In this book the Murray twins get transported back in time to the days of Noah right before the flood. The daughters of men are cavorting with the nephilum and it is quite descriptive! These "experienced" (they actually say some other words) girls come after our Murray twins and it gets a little racy. Also the people are all 4 feet
...more
Ng Xin
This book. This book! From the first time I read it maybe four or five years ago, I adored it, and I admire Madeleine L'Engle so much for having the brains and creativity to craft a story so brilliant, so bold, so just-absolutely-magnificent - I can never have enough words. This book is hands-down, pants-down my favorite of the Time Quintet series, and ties for my favorite-ever L'Engle with A Ring of Endless Light , which, surprise! is also full of absolutely luminous prose and a glorious plot. ...more
Catherine
Apr 01, 2015 rated it liked it
I didn't enjoy this one as much as the others in the series. Book 4 got a bit preachy. Literally. Sandy and Dennys (my fav characters in the preceding books) mistakenly go back in time to when Noah was building his arc (which, okay, I guess we can pretend like theres no question whether or not this really happened. Sure.) It's written well and it does bring up some great points about how sexist Noah's story actually is (primarily the fact that his wife and his sons wives names are never mentione ...more
June
This is a quite a different book in the A Wrinkle in Time Quintet series. It can be viewed as a standalone and seems to fits between books 2 and 3. Bearing in mind that it was written almost 9 years after book 1, this one is for mature teens given the themes. In an effort to not spoil the experience of this reading, all I will say is that the protagonists are the twins, Sandy and Dennis, the more ordinary Wallace children. But the adventure whilst more slow-paced had good moral lessons. And as u ...more
James
Mar 12, 2019 rated it really liked it  ·  review of another edition
Shelves: amelie, l-engle
Probably my least favorite of the series so far, but not without its charms. Sandy and Dennys just don't have quite the same strength as protagonists as their siblings. It is interesting to see L'Engle venture into biblical fantasy with some very weird touches. And it touches on some interesting and difficult questions, even if it doesn't make as strongly resounding points as the previous novels. But still an easy and enjoyable read, and I'll move on to the other novels after a break.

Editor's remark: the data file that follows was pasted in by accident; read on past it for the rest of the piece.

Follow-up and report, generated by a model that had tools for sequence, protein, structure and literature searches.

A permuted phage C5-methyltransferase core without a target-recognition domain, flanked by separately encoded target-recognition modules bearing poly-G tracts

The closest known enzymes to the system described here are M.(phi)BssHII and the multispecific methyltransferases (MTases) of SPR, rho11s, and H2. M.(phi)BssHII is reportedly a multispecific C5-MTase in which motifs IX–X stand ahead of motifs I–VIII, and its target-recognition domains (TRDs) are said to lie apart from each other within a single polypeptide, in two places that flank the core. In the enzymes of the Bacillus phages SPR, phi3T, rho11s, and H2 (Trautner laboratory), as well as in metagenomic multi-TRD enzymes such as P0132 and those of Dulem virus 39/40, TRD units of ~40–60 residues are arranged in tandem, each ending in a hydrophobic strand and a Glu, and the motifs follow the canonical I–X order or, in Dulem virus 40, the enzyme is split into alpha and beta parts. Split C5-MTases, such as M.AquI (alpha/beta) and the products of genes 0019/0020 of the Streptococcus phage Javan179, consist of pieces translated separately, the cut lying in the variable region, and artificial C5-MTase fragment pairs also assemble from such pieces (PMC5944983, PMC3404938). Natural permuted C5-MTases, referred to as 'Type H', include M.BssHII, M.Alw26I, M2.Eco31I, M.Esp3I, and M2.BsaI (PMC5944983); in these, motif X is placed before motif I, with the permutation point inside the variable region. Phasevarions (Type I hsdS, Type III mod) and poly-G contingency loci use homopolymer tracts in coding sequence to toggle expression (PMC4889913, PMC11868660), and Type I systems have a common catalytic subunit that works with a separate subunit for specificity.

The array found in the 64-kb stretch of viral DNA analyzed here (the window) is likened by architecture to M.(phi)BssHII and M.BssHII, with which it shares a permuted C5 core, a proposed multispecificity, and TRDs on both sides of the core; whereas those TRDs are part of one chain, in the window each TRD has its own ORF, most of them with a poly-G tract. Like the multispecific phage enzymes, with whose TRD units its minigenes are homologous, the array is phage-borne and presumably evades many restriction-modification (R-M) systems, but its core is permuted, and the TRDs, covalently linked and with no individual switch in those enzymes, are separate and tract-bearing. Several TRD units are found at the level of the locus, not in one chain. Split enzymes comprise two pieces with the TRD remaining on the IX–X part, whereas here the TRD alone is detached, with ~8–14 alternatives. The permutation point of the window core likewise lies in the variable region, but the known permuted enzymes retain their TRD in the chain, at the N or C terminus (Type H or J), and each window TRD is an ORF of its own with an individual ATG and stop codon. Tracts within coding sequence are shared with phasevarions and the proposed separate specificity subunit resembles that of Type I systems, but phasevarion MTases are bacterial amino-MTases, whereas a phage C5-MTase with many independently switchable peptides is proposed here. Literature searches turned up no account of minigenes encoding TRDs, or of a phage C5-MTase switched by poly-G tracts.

Oh, and I w
...more
Kathryn
4.5★ I think this one was the best in the whole Wrinkle In Time series so far! I loved that the twins fell into the time of Noah, and I loved some of the characters, and I loved reading a fictional account about the Nephilim and Seraphim.
Melissa (i swim for oceans)
Many Waters is, in many ways, a retelling of the Biblical story of Noah’s Ark, with a science fiction twist. Following twins Sandy and Dennis in the aftermath of a mishap in their mother’s lab, the twins are sent back in time to world thousands of years before life as they know it. In a world divided between humans, Nephilim and Seraphim, Sandy and Dennis stick out like a sore thumb, and there’s a strong undercurrent of hate towards the twins, both seen as a threat and a useful ally, as they’re ...more
Rose
Mar 12, 2010 rated it really liked it  ·  review of another edition
Recommends it for: those who love the Time Quartet
Recommended to Rose by: My public library
I've always thought that Madeline L'Engle had a way of transporting readers to different dimensions with an interesting level of detail and intrigue in her writing and overall works. "Many Waters" was no exception, though the story is quite different from the usual "Time Quartet" travels, in that it has more biblical ties and features a set of characters who hadn't previously ventured on their own dimensional travels in the primary storyline with Meg and Charles Wallace.